The final thing to know about Zane is he’s a pretty funny guy and acknowledges his age. He wheezes if you run for any length of time and often makes it clear he’d instead be drinking in a bar somewhere else. If you’re looking for a character who got smarter and deadlier with age, then Zane is your Vault Hunter.
Moze (The Scrappy Mech-Driving Soldier)
Moze is perfect for series newcomers and highly recommended to those with an itchy trigger finger. On her own, she doesn’t have much combat abilities, but when you jump into her Iron Bear mech, a world of possibility is available to you.
The Iron Bear is only available for a limited time, but in that short duration, it’s well-capable of wiping out entire rooms of enemies. It starts with three weapons: the V35 Grenade Launcher, the Minigun, and the Railgun, but that arsenal expands by investing in each of Moze’s three skill trees–opening up options to equip other types of firepower, like a flamethrower and a rocket volley. And each can also be customized with skills that modify their capabilities.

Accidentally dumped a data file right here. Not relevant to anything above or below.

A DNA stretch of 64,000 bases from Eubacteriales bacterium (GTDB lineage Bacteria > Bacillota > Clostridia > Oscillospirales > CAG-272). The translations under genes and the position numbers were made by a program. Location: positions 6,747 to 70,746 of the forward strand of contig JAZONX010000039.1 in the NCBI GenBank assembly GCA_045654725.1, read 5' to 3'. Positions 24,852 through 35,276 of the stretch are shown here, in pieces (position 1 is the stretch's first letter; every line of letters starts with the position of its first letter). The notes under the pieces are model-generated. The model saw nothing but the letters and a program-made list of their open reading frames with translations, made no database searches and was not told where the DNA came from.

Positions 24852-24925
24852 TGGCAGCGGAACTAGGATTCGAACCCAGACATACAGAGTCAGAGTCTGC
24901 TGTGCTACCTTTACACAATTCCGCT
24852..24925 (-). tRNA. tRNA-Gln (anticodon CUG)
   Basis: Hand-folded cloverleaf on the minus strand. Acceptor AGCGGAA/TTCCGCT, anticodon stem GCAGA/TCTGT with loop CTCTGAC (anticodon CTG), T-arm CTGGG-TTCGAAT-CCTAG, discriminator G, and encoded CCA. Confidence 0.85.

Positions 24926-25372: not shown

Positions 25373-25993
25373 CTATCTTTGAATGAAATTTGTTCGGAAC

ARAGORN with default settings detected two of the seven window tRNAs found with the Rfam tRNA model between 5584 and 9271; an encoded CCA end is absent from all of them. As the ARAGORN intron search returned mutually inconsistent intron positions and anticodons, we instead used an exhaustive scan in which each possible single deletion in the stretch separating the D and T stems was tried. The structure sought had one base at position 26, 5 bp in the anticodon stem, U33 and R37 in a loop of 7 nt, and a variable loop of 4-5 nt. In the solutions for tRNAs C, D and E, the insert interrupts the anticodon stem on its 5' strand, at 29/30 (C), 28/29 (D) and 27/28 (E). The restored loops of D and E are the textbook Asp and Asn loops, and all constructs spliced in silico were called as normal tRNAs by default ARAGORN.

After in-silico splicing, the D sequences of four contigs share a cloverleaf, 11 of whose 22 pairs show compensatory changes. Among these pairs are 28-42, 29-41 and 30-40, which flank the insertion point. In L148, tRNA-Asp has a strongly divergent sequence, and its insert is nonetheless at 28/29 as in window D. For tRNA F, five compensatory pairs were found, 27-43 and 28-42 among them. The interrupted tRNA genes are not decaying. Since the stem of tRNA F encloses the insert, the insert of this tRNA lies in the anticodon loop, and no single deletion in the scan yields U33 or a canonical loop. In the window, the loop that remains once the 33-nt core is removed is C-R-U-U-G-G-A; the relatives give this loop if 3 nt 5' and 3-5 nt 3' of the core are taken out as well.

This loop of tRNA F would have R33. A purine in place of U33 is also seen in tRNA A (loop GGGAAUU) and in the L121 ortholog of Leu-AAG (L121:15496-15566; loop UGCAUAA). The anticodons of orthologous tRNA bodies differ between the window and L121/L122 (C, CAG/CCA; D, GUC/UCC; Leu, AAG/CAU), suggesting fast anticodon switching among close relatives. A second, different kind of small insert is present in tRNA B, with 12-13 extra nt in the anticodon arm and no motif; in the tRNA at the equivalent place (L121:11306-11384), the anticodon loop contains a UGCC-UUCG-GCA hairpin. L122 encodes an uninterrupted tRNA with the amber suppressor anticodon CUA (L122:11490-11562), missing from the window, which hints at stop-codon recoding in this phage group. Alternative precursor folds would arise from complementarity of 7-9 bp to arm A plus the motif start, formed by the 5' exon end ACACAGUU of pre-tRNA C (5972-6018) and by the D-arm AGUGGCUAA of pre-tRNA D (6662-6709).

The Iron Bear can be used in a variety of strategic ways: you can summon it frequently to rain down everlasting hell upon your enemies, or you might keep it as your ace in the hole during boss fights or when a firefight goes south. Heck, you can take both approaches; it’s up to you! Moze can also be useful as a tank (conceptually and literally) for other players. After all, the Iron Bear is a near-invincible wall that can quickly pull enemy aggro off teammates.
None of this is to say that Moze isn’t as capable outside the mech. In fact, she’s just as deadly on-foot. Her skill tree has plenty of bonuses that amplify her capabilities, such as improved reload speed, bonus incendiary damage, and enhanced shield strength. Many of Moze’s skills optimize her ability to inflict damage as aggressively as possible while occasionally buffing teammates and even letting them hop aboard the Iron Bear’s manned turret.
As Moze, you are regularly switching between wiping out enemies on-foot and devastating them with the Iron Bear. She’s a scrappy, agile, and adaptable character whose most significant strength is stacking up a plethora of damage in a short time and taking the heat off friends.